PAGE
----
Revolutionary advances in neuroscience and genetics over the past two decades have provided unprecedented opportunities for increasing our understanding of the etiology and pathogenesis of psychiatric disorders. Despite these advances, the translation of this knowledge into clinical practice has been hindered by the significant heterogeneity within disorders and the neurobiologically-imprecise categorization of patients. Traditional diagnostic categories do not capture the underlying neurobiological processes and etiological mechanisms of psychiatric disorders and cannot adequately inform prognosis and treatment. To address this gap, the National Institute on Mental Health (NIMH) has proposed an alternative research framework based on Research Domain Criteria (RDoC), which yields psychiatric classification grounded on discoveries from neuroscience and genomics. Recently, the RDoC approach has been adapted for the study of addictions with the Addictions Neuroclinical Assessment (ANA) framework (1), which proposes that the assessment of addictions should cover multiple systems and focus on three key neurofunctional domains: Executive Function, Incentive Salience, and Negative Emotionality. Building upon the aims of the RDoC framework, a new field of “precision psychiatry” has emerged, considered to be a paradigm shift in psychiatry. Both the RDoC framework and precision psychiatry are predicated on precise measurement, which has necessitated the development of novel analytic approaches for classification and novel dimensional tools for phenotyping that can identify the unique mechanisms of psychiatric disorders at an individual level.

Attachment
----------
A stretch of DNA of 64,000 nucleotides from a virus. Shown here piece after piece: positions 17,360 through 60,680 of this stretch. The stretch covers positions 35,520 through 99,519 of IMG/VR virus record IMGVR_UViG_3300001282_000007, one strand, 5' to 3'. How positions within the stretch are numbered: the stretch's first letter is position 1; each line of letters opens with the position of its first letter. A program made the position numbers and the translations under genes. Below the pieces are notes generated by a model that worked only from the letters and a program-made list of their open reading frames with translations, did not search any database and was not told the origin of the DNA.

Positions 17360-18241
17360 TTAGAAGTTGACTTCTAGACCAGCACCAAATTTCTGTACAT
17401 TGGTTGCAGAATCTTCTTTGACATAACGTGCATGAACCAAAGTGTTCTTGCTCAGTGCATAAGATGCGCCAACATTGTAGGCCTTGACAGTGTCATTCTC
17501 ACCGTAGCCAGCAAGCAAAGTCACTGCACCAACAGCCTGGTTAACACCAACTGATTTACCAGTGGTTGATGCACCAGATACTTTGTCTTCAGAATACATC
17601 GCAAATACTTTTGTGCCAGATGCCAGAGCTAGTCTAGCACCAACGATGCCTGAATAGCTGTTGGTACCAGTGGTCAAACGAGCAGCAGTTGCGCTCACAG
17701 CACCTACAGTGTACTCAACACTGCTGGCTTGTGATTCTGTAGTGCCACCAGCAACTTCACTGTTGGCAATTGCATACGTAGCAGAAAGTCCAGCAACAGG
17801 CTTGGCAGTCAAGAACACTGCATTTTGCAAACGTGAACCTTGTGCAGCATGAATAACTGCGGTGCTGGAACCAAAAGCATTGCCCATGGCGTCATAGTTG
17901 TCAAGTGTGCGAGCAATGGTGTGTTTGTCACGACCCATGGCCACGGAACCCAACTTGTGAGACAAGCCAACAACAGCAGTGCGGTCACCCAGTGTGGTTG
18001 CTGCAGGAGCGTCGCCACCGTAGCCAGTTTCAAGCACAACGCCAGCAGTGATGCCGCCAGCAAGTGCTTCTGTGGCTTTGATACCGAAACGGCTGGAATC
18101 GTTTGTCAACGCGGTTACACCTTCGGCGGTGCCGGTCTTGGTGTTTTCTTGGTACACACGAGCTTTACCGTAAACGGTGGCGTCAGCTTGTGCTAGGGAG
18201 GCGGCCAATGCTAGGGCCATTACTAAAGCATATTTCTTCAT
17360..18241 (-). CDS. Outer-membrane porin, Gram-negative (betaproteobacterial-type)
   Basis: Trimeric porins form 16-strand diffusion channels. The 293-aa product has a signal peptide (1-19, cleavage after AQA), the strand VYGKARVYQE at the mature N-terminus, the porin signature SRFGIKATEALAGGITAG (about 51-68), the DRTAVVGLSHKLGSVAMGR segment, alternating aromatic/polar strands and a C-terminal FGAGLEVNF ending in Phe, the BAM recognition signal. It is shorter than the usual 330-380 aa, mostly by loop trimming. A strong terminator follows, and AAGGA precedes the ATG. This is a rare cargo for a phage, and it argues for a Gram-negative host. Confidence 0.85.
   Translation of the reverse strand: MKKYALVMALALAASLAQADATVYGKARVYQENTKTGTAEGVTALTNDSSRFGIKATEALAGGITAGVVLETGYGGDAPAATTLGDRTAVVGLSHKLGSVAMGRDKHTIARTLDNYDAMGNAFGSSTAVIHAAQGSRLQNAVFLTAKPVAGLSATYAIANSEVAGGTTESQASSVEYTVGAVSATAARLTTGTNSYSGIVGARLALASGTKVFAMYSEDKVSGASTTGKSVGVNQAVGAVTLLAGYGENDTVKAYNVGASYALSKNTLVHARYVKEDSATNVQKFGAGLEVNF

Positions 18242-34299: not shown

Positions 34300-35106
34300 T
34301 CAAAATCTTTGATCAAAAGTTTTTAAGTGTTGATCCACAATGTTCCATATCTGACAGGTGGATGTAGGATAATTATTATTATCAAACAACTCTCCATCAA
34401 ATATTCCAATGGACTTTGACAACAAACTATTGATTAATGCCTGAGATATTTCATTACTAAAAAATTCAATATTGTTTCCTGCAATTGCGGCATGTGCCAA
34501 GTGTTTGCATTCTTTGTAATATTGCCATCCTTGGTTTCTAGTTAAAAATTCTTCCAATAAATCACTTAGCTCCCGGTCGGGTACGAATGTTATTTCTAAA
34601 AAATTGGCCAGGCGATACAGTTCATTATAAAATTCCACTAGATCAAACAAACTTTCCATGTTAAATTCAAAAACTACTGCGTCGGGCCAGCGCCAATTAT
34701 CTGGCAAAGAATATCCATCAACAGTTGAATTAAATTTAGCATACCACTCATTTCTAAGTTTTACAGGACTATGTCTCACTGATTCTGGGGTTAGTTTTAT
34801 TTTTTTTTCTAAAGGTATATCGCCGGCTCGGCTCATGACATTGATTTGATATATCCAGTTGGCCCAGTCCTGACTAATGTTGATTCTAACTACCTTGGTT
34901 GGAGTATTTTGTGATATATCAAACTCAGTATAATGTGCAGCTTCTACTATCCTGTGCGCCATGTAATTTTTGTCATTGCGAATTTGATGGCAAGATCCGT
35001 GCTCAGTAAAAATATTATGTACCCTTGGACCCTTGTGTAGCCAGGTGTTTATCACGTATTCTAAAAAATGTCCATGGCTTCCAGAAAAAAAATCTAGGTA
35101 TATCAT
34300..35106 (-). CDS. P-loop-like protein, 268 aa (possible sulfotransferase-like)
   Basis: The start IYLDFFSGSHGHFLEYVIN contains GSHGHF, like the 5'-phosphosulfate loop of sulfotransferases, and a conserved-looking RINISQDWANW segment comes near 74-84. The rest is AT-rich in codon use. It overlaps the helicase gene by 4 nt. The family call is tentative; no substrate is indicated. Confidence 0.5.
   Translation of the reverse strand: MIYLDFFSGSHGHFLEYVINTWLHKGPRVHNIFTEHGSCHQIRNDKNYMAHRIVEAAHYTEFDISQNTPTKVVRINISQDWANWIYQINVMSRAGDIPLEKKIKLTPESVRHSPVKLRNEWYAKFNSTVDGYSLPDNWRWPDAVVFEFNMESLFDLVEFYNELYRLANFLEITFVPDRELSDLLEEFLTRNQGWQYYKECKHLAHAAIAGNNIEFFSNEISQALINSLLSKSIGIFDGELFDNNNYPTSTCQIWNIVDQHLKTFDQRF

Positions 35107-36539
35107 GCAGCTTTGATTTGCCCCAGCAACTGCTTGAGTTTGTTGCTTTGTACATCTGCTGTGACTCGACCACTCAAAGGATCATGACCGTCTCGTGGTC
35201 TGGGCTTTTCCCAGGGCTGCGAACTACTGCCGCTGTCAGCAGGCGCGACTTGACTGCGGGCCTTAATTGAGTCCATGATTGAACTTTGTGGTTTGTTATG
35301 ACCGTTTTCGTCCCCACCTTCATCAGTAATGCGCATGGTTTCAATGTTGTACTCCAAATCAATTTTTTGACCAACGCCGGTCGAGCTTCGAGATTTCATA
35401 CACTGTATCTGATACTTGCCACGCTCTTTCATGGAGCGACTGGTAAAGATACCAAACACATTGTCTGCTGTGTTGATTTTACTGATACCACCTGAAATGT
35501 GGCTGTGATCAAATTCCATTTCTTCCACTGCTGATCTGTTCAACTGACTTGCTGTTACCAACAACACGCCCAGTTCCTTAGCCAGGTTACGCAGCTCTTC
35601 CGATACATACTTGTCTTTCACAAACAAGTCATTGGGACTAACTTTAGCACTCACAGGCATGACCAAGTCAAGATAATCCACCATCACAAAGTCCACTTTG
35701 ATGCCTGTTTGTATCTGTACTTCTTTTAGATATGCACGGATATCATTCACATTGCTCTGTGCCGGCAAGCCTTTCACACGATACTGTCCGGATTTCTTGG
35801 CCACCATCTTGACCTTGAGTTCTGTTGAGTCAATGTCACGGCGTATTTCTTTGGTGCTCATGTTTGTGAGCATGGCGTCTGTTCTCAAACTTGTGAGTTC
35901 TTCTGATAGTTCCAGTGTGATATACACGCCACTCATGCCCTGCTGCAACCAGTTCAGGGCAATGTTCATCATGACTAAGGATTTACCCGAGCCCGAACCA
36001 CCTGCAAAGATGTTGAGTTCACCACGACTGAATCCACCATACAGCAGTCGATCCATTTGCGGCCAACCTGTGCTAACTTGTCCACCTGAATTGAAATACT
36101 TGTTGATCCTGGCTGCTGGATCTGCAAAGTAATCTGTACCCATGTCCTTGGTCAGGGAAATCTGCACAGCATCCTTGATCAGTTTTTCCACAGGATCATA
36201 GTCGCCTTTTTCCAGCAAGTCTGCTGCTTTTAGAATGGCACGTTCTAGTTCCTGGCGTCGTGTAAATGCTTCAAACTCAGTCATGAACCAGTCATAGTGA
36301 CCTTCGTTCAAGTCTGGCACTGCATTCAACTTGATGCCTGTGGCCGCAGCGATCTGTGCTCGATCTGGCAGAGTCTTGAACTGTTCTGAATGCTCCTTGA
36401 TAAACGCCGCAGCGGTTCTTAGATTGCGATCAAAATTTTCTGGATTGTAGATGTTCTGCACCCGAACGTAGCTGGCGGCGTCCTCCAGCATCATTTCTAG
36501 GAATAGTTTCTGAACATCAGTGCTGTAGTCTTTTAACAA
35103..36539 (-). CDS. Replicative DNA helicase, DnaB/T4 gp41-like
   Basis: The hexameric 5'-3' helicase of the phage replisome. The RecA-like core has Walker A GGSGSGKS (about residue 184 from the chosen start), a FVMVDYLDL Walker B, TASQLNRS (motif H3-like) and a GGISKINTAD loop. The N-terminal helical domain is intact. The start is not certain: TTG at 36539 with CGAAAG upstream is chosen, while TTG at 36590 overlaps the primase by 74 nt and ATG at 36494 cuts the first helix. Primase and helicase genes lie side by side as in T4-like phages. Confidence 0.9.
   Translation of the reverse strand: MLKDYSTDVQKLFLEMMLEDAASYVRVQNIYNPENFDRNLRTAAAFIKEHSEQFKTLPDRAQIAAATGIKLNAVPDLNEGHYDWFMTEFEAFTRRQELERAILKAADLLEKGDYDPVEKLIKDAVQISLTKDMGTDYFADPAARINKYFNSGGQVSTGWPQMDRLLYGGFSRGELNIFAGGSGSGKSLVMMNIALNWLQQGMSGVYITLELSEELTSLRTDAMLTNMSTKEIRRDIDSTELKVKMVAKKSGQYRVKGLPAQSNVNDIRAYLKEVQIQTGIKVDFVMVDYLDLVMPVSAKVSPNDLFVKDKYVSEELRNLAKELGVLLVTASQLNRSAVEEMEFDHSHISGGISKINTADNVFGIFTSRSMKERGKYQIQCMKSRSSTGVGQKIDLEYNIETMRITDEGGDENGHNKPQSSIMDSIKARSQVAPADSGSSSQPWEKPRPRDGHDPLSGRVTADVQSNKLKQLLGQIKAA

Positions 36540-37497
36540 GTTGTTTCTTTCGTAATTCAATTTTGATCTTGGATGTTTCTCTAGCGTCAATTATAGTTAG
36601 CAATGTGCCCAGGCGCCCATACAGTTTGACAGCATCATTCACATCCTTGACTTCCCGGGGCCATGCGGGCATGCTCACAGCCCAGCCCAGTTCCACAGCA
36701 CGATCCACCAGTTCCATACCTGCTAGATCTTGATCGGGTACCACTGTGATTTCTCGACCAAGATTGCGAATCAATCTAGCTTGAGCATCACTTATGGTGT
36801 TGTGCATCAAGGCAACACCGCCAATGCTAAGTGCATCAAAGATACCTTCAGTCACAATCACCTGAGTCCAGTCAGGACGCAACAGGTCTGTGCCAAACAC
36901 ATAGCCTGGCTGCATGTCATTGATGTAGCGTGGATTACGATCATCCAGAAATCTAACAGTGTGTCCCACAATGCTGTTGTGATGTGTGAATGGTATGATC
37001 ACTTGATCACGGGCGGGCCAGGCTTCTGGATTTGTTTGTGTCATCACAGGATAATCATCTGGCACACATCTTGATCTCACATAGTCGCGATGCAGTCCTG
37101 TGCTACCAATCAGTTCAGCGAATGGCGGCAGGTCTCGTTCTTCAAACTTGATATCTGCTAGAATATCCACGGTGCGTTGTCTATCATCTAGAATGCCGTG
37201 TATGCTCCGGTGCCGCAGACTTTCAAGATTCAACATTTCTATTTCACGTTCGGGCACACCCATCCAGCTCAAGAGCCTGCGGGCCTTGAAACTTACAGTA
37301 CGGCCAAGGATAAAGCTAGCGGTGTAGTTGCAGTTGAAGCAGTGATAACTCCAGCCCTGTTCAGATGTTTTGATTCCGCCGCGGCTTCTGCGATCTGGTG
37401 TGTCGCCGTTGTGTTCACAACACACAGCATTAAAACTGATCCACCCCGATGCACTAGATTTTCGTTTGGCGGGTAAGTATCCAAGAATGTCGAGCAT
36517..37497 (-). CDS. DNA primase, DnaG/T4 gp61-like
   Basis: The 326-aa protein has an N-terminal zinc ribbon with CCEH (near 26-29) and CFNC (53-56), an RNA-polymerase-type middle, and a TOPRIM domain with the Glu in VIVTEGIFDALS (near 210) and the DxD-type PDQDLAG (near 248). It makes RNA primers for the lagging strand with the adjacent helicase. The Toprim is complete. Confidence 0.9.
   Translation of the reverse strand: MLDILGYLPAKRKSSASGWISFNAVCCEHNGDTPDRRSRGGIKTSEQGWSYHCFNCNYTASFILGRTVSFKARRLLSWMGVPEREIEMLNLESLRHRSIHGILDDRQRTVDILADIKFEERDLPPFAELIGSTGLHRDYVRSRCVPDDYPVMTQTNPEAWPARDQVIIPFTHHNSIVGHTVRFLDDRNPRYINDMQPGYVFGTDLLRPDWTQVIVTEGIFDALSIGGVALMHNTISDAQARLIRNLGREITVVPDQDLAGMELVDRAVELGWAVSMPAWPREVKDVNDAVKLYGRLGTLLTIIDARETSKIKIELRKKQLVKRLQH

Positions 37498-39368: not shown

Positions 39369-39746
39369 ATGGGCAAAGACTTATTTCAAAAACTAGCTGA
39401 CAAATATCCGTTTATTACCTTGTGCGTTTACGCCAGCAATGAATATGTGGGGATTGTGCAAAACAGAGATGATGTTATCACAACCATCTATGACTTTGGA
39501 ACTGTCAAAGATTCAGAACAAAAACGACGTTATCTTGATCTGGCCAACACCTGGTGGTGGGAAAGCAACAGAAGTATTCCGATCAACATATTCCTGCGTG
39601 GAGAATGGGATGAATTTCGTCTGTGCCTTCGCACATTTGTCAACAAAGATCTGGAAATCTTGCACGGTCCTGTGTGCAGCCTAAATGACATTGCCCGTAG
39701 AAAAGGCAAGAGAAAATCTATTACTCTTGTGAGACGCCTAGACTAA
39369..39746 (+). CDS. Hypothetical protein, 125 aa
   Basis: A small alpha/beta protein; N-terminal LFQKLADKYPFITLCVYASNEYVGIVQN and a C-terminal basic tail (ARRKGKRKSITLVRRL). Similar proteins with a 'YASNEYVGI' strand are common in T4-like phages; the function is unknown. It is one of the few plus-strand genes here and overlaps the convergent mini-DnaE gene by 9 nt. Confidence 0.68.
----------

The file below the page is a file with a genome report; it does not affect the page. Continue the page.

In this chapter, we make the case that theory-driven and data-driven computational approaches have enormous potential for increasing the precision and reliability of measurement, and the accuracy of diagnosis and prognosis in psychiatry. We review three types of computational approaches and their utility for precision psychiatry: (1) Theory-driven approaches, such as computational modeling; (2) Data-driven approaches, using various machine learning methods; and (3) Hybrid approaches, such as joint modeling and adaptive design optimization. We focus more narrowly on the application of these approaches to substance use disorders (SUD), where we attempt to map them on the current RDoC framework for addictions.